I cannot believe I have not mentioned Morgenmuffel, which for more than a decade between the 1990s and very recently, has chronicled the life of its creator Isy, a German-born anarchist, and her experience of life, love, friendship, political activism and DIY culture in the UK.
There is a humanity to Isy's work which is as beautifully honest as it is by turns angry, impassioned, funny and, at times, heartbreaking. In 2009 many of the main stories from Isy's early zines were collected in book form by Last Hours as Diary of a Miscreant. The collection runs the gamut from anti-G8 protests and climate camps to mini-rants about things that annoy her (everything from periods to the gentrification of Brighton, England, a place which long-term followers will know I'm very familiar with). I found the most personal identification in shorter pieces of hers like "My First Big Demo" and "Bovine Encounter," as well as the title itself, which is apparently derived from a German word for a person who do does not like waking up early.
If you're lucky you might find a few copies via Active Distribution of London. Age, life events and a downshift to a rural co-op means that Isy will be producing Morgenmuffel far less than previously, but I hope more will follow soon, together with a fresh print-run of Diary of a Miscreant.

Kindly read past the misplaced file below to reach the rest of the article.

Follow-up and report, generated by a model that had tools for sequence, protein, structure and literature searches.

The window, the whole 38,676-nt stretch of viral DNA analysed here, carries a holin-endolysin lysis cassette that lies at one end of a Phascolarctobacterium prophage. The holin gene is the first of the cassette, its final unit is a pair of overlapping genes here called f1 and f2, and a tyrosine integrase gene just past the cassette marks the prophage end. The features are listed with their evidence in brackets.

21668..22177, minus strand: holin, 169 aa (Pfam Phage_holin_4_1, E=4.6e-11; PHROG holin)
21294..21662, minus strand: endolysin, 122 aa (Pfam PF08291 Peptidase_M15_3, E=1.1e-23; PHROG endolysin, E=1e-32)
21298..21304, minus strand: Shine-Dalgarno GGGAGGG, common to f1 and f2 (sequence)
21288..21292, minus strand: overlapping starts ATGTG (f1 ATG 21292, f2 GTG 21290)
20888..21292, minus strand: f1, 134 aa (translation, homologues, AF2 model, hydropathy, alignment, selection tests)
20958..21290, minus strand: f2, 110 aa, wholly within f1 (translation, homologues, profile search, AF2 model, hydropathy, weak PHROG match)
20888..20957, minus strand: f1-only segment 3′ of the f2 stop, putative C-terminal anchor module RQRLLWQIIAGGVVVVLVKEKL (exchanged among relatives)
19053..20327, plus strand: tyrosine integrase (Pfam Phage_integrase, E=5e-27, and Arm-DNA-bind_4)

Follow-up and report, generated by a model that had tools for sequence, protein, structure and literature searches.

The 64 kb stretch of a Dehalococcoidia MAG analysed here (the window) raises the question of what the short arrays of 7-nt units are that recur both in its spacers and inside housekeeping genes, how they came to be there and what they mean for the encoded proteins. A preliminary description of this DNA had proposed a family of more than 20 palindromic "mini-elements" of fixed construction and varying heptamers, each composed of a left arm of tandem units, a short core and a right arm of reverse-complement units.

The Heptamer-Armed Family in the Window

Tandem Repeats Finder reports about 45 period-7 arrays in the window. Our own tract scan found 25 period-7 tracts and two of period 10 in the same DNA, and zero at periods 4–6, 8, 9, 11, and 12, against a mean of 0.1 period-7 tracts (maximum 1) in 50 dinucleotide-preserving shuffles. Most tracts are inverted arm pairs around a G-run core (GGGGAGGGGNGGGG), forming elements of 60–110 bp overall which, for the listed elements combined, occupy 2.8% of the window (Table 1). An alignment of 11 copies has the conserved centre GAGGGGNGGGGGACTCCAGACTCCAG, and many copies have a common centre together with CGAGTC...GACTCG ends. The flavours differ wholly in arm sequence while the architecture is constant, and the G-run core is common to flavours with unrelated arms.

Thursday 14 May 2015
Thursday 7 May 2015
I recently discovered a copy of another zine by Carrie MacKinnon, which was lucky because her website www.blackbirdtree.co.uk appears to be down, and Active Distribution appear to have sold out of copies (I can only hope there will be more soon as this is a brilliant little zine).
Unlike the heart-rending tales of migrants in Aminullah, another zine by MacKinnon that I reviewed here last year, the focus of animalus is animal rights, and the end result is a zine packed with stories that use the logic of science fiction to make us think about things in a completely fresh way.
The zine is also packed with useful information for veggies, vegans, raw foodists or anyone concerned about the sources of our food or the ingrained assumptions that often go with it. It is angry, impassioned and thoughtful.
From a creative perspective, by far the strongest story in animalus is the title story "when we were cows."
It is my hope that by creating a record online through this review I will in some small way help to foster demand and a new print-run will be out soon. For the time being, if you want to find a copy yourself you could get in touch with Freedom Bookshop in London (where I found my copy), Active Distribution or Footprint Worker's Co-operative who printed it.
Update: Her website's new URL is www.blackbirdtree.org.uk